This case study is taken from LGIU’s report ‘Exploring Economic and Enterprise Opportunities from Climate Action’, which utilises international case study work to explore the economic opportunities of local climate action to draw out lessons for local adaptation and mitigation efforts. Download the report here (free): Exploring Economic and Enterprise Opportunities from Climate Action
Municipal bonds are a financing tool potentially well suited to address infrastructure investment gaps for local government, having been used by cities in the US to fund large scale, capital-intensive projects since the 1900s. While use of municipal or ‘muni’ bonds to raise funding for local capital spending has been successful across parts of the USA, it remains less common in Europe, where the tradition to borrow from central government or national/specialised banks persists.
That being said, in recent years of recovery following the 2008 financial crisis European countries have been experimenting with the model. In 2017, Aberdeen City Council in Scotland issued a municipal bond to raise £370 million to fund its infrastructural capital investment projects out to beyond the year 2050. The Council secured a ‘high grade investment’ bracket Aa2 credit rating by Moody’s, although this was not without challenge: they had to submit highly detailed financial information including debt profiles, strategic plans, information on Scottish local government, and meet legal and regulatory requirements.
However, when looking for best practice, the USA remains an experienced frontrunner in the issuance of green muni bonds – essentially identical to normal muni bonds except for being labelled as green by their issuer, and earmarked for green investments. Part of the US’ success in can be attributed to municipal bonds’ tax-free status as granted by federal government. The table below, sourced from the Green City Bonds Coalition, outlines types of green municipal bonds with examples mostly at state level. For this case study, we will look at Massachusetts.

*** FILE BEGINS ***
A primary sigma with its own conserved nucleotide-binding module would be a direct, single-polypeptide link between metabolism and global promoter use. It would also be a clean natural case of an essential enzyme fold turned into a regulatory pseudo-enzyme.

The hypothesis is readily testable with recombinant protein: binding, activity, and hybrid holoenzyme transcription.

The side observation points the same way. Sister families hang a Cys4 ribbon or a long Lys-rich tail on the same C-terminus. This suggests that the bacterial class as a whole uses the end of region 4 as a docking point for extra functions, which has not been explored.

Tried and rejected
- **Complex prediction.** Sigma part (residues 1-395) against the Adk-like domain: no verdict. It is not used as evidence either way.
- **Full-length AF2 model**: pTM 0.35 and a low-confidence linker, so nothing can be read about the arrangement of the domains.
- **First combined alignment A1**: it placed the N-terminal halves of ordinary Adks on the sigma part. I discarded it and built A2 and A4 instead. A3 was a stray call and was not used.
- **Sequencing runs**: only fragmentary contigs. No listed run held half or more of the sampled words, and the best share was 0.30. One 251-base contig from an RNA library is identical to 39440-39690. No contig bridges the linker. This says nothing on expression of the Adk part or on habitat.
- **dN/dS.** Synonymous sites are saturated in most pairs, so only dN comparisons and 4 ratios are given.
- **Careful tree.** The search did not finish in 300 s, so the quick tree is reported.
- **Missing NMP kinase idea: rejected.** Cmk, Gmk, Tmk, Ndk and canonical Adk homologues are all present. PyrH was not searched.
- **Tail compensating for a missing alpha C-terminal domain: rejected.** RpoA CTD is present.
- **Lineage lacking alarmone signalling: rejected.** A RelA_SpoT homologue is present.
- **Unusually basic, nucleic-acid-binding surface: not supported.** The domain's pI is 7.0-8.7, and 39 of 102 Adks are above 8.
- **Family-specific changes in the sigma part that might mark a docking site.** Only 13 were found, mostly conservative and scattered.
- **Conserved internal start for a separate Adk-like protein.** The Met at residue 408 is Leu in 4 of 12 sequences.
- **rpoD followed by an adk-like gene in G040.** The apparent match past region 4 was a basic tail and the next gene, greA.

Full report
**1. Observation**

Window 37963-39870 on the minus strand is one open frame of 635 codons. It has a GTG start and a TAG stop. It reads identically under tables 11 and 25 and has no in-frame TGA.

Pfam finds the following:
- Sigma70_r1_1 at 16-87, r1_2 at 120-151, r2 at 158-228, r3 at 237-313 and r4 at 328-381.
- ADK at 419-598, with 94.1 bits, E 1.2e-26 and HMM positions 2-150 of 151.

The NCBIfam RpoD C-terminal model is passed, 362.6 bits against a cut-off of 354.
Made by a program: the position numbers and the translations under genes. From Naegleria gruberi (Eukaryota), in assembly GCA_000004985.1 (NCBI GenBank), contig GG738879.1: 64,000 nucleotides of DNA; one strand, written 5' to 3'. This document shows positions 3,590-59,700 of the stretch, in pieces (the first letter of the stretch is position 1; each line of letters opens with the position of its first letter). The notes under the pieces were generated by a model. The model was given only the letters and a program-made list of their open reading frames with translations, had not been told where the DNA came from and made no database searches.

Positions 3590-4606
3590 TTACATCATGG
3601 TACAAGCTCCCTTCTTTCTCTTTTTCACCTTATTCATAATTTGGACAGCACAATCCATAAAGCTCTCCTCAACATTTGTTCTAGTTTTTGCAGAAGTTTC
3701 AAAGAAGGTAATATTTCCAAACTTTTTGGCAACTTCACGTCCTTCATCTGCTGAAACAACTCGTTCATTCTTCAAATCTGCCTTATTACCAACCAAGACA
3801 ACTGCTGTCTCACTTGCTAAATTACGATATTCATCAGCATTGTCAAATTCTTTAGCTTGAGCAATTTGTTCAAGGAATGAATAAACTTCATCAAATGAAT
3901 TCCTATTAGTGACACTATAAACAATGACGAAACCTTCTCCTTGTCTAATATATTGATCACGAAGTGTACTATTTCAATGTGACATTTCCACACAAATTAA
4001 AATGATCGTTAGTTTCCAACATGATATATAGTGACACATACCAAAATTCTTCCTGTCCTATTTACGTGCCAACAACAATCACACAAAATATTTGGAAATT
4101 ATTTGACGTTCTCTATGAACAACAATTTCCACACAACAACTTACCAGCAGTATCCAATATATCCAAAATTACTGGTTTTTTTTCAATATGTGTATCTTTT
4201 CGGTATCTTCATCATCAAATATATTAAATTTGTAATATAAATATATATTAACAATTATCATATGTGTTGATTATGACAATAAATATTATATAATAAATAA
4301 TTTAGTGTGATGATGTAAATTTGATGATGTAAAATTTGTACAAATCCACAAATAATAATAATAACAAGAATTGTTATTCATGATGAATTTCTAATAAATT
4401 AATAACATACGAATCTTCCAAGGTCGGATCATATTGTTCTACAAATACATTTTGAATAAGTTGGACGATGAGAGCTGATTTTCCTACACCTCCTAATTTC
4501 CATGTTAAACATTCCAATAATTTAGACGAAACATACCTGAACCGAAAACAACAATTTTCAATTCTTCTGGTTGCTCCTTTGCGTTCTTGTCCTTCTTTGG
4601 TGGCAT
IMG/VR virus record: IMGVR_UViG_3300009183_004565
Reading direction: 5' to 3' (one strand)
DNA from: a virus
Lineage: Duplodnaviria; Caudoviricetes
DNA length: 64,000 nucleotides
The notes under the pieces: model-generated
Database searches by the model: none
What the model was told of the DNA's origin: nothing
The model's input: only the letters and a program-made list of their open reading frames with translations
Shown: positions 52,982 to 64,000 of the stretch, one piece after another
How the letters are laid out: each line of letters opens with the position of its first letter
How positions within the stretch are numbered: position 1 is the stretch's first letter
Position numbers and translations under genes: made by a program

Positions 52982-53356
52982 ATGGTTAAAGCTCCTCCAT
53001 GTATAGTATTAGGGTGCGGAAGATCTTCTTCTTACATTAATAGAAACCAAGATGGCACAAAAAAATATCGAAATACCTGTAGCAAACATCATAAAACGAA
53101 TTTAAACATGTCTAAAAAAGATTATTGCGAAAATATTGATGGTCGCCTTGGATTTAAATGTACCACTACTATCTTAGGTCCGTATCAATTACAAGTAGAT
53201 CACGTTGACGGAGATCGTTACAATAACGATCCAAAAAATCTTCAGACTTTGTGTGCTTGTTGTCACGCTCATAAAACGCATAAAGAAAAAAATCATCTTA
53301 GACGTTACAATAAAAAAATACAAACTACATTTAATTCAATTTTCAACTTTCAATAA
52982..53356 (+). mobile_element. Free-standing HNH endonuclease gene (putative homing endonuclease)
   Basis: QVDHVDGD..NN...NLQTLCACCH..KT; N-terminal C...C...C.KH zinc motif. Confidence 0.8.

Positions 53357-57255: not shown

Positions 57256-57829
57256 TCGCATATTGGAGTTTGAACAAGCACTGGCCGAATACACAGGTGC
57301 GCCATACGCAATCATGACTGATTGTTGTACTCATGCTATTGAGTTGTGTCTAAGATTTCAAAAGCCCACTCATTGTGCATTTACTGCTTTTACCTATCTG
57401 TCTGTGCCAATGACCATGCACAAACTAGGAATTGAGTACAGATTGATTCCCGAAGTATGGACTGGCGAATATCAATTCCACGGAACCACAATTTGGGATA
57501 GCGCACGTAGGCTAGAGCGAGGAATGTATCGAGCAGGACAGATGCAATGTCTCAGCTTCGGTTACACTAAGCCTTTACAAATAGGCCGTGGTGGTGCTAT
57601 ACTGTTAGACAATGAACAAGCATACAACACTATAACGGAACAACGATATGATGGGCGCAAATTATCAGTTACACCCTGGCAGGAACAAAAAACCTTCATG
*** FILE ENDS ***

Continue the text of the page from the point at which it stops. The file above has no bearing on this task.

Source: Green City Bonds Coalition (2015): Green Muni Bonds Playbook.
The Commonwealth of Massachusetts successfully completed its first green bond issuance in 2013, to the amount of $100 million. The proceeds were earmarked for projects such as clean drinking water, state building efficiency, river revitalization, and habitat restoration. After the success of the 2013 issuance, Massachusetts set out to pursue a larger program in 2014180.
Massachusetts found the issuing of green bonds to be relatively simple, although completing the groundwork properly was important. While some companies find the tracking and reporting from use of proceeds for green bonds to be cumbersome, as a public institution Massachusetts were already tracking these for all expenses as part of due diligence. The only additional burden was preparing reports for investors, which were created in-house. Their reports track spending on the various projects without the need for metrics on the exact “green impact” of the projects themselves.
The Commonwealth of Massachusetts was issuing both regular and green bonds at the same time, but found issuing green bonds easier; they were able to tell investors a more persuasive story about the projects it would fund. Additionally, local retail investors who had not previously considered municipal bonds were attracted to the green angle. The result was that the sale was 3x oversubscribed and so sold at lower yields than the market’s AAA yield curve. The bonds received an unprecedented amount from retail investors, who reported that, as residents, they appreciated the knowledge of how specific projects would benefit the community.
Issue date: September 2014
Size: $350 million
Maturity: 5 to 17 years
Yield: 2.45 percent
Rating: AA+ Fitch / Aa1 Moody’s / AA+ S&P
Benefits of this type of local or regional government intervention
The issuance of green bonds by local governments allows large amounts of capital investment to be raised to fund green infrastructure projects, without the need to rely on loans from central banks or the government. A maturity date set far enough into the future also supports long term planning. As an added bonus, the green nature of these municipal bonds provides extra benefits compared to regular municipal bonds, as the popularity of green projects among local and national/foreign investors can lead to lower yields, making borrowing cheap.